Seizures can occur in cats and have many different causes. Uncovering the underlying cause of your cat's seizures can help you and your vet find out the best treatment options. However, in many cases, treating the underlying cause of feline seizures may not be possible. Your cat may suffer from a disease or condition for which treatment is not possible or practical. Your cat may also suffer from idiopathic epilepsy, meaning all known causes for seizures have been eliminated.
Cats with frequent recurrent seizures may need to be treated with anticonvulsant medications. However, there are a few things to consider before starting your cat on an anticonvulsant.
Should Your Cat Be Treated for Seizures?
The decision to start medication will be based on several factors:
- How often does your cat have seizures? If the seizures are occurring infrequently (less than once every four to six weeks), it may not be necessary to treat your cat for the seizures.
- How severe are the seizures? If your cat's seizures are especially severe, regardless of how frequently they occur, it may be advisable to start treatment.
- Has your cat suffered from status epilepticus, a single seizure lasting more the 5 minutes or multiple seizures without fully recovering in between? Or has she had cluster seizures (more than two seizures in a 24 hour period)? If so, then your cat should be started on treatment to prevent further seizures.
Managing Seizure Medications for Your Cat
Understand that once your cat starts on an anticonvulsant medication to treat his seizures, he will probably need to receive that medication for the rest of his life.
Discontinuing an anticonvulsant medication suddenly can be quite dangerous for your cat. Never stop giving the medication or change the dosage without checking with your veterinarian first. When anticonvulsant medications need to be discontinued, it is best to withdraw the medication in a slow and gradual manner, weaning your cat off the meds.
Medications Used to Treat Feline Seizures and/or Epilepsy
Phenobarbital is generally considered to be the first choice in treating feline seizures or epilepsy. Currently, it is the most commonly used anticonvulsant drug for cats.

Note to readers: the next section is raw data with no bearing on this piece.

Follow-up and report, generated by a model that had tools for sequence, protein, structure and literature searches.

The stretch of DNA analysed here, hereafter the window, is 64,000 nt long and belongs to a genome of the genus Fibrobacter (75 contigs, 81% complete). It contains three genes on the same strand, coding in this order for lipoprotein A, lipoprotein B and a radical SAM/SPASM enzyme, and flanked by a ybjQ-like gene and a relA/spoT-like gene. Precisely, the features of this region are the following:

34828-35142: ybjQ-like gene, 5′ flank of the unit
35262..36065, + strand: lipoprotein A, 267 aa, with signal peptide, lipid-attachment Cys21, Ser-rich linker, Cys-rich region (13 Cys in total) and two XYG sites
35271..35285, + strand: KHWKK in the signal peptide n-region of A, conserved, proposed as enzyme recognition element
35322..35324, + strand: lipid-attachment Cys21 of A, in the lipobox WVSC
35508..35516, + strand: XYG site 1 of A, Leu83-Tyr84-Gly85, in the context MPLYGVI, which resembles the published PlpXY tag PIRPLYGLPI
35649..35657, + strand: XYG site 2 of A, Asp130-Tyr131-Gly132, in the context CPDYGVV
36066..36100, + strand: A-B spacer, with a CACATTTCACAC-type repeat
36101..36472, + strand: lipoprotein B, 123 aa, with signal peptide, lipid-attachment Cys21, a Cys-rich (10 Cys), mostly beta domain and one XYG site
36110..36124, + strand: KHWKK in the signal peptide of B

Levetiracetam (Keppra) has been used in cats to control seizures and epilepsy. It is a newer anticonvulsant medication that may be an alternative for those cats that do not respond well to phenobarbital and/or diazepam. Some veterinarians are now using levetiracetam as a first choice drug rather than phenobarbital because they believe it may have fewer side effects. However, it has not been studied as thoroughly as phenobarbital.
Zonisamide is another seizure medication that is being used more commonly in cats. Research into the use of this medication in cats is newer, but so far show that it appears to be reasonably effective and safe. It also has the benefit of only being given once a day in cats.
Diazepam (Valium) used to be used to treat seizures in cats but is no longer recommended. While rare, it can cause a severe, fatal reaction in the liver of some cats. Due to the availability of newer, safer medications, diazepam is not recommend.
Potassium Bromide is not recommended for use in cats. While it is used with some frequency in dogs and tolerated well, in cats it can cause severe lung disease.
Medications such as chlorazepate, pregabalin, and gabapentin have not been well-studied in cats. Though some veterinarians do use them to control seizures and epilepsy in cats, there is not a lot known about how these medications affect cats on a long-term basis and what types of side effects to expect. As research continues with these drugs, they may become more widely recommended for cats with seizures and epilepsy. For now, they should be reserved for refractory cases of epilepsy where seizures are not well controlled with more traditional medications.
Note: This article has been provided for informational purposes only. If your pet is showing any signs of illness, consult a veterinarian as quickly as possible.
Seizures In Cats. The Drake Center for Veterinary Care, 2020
Anticonvulsants Or Antiepileptic Drugs. Veterinary Manual, 2020
Barnes Heller, Heidi et al. Serum Levetiracetam Concentrations And Adverse Events After Multiple Dose Extended Release Levetiracetam Administration To Healthy Cats. Journal Of Veterinary Internal Medicine, vol 32, no. 3, 2018, pp. 1145-1148. Wiley, doi:10.1111/jvim.15129
Zonisamide. Bush Veterinary Neurology Service, 2020